Passive Political Legitimacy: How the Chinese Online Sphere Went from Challenging to Supporting the State within the Past Decade
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CitationZhang, Yinxian. 2022. “Passive Political Legitimacy: How the Chinese Online Sphere Went from Challenging to Supporting the State within the Past Decade.” The China Journal 88, no.1: 29-54.
AbstractThe Chinese government’s rhetoric and policies have become increasingly assertive in recent years, leading some observers abroad to see China as a threat to democracy and the international order. However, less attention has been devoted to the attitudes that Chinese people themselves hold toward democracy. How does the Chinese public view democracy in light of transformations occurring in both the domestic and international environments? This paper examines a novel dataset of Chinese social media posts published between 2009 and 2021, in order to investigate changes in popular attitudes toward democracy. Results show that while China’s online sphere was once dominated by liberal voices, expressions of doubt about liberal democracy have become more pronounced since 2013. While tightened state control over online speech has been an important factor in this outcome, people’s exposure to unsatisfactory political realities in Western democracies has also played a significant role. Chinese people’s idealized expectations vis-à-vis the promises of liberal democracy have been challenged by perceptions that democratic regimes have delivered subpar performances and engage in “double standards” when dealing with China. This disillusionment with democracy has translated into popular support for the Chinese government, bringing about what the paper identifies as the passive political legitimacy of the Chinese regime.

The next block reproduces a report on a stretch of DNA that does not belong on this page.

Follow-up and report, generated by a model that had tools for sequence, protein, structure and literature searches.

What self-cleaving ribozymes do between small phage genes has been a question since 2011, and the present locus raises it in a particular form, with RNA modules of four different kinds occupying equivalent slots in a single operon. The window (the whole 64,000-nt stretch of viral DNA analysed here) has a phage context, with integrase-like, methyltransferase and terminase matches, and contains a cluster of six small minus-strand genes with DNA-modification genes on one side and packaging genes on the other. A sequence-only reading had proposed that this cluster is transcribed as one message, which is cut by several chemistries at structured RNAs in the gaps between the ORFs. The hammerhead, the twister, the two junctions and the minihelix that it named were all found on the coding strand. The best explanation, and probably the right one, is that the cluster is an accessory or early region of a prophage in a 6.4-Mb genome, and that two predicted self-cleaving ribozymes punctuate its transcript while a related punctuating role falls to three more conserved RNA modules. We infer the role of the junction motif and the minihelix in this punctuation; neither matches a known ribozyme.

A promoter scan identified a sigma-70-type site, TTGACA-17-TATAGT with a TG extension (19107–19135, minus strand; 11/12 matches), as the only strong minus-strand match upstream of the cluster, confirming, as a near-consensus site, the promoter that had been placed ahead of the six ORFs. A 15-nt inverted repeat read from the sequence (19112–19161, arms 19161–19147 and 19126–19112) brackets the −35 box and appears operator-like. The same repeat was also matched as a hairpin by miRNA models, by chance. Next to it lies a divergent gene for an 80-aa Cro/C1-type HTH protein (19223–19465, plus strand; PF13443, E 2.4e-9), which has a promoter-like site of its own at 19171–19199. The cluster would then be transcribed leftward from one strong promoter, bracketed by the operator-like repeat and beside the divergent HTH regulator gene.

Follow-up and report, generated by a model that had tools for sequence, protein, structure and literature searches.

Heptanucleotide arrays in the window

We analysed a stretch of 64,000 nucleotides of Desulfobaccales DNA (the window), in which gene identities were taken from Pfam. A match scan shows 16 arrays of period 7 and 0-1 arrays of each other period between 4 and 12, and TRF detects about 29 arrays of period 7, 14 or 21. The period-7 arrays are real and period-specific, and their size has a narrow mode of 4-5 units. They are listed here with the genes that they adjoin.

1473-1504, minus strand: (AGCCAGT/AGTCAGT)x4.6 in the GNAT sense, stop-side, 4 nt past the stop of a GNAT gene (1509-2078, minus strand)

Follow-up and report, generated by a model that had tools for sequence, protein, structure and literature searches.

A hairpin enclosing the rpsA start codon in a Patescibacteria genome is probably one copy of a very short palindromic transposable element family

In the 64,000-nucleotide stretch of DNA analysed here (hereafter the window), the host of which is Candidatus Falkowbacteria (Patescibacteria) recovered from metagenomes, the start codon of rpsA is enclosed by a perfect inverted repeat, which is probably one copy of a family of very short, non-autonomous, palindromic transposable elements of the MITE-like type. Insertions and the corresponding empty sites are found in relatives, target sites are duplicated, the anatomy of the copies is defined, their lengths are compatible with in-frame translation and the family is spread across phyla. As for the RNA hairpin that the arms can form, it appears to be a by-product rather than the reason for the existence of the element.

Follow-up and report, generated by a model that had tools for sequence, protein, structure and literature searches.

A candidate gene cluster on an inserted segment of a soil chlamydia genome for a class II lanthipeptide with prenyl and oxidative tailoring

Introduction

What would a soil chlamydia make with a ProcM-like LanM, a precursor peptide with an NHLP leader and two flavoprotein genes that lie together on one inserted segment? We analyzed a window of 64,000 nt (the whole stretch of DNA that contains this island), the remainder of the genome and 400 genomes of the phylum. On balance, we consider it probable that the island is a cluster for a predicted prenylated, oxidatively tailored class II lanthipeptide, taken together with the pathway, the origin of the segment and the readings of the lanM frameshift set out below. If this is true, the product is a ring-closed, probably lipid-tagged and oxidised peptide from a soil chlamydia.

Citable link to this pagehttps://nrs.harvard.edu/URN-3:HUL.INSTREPOS:37373015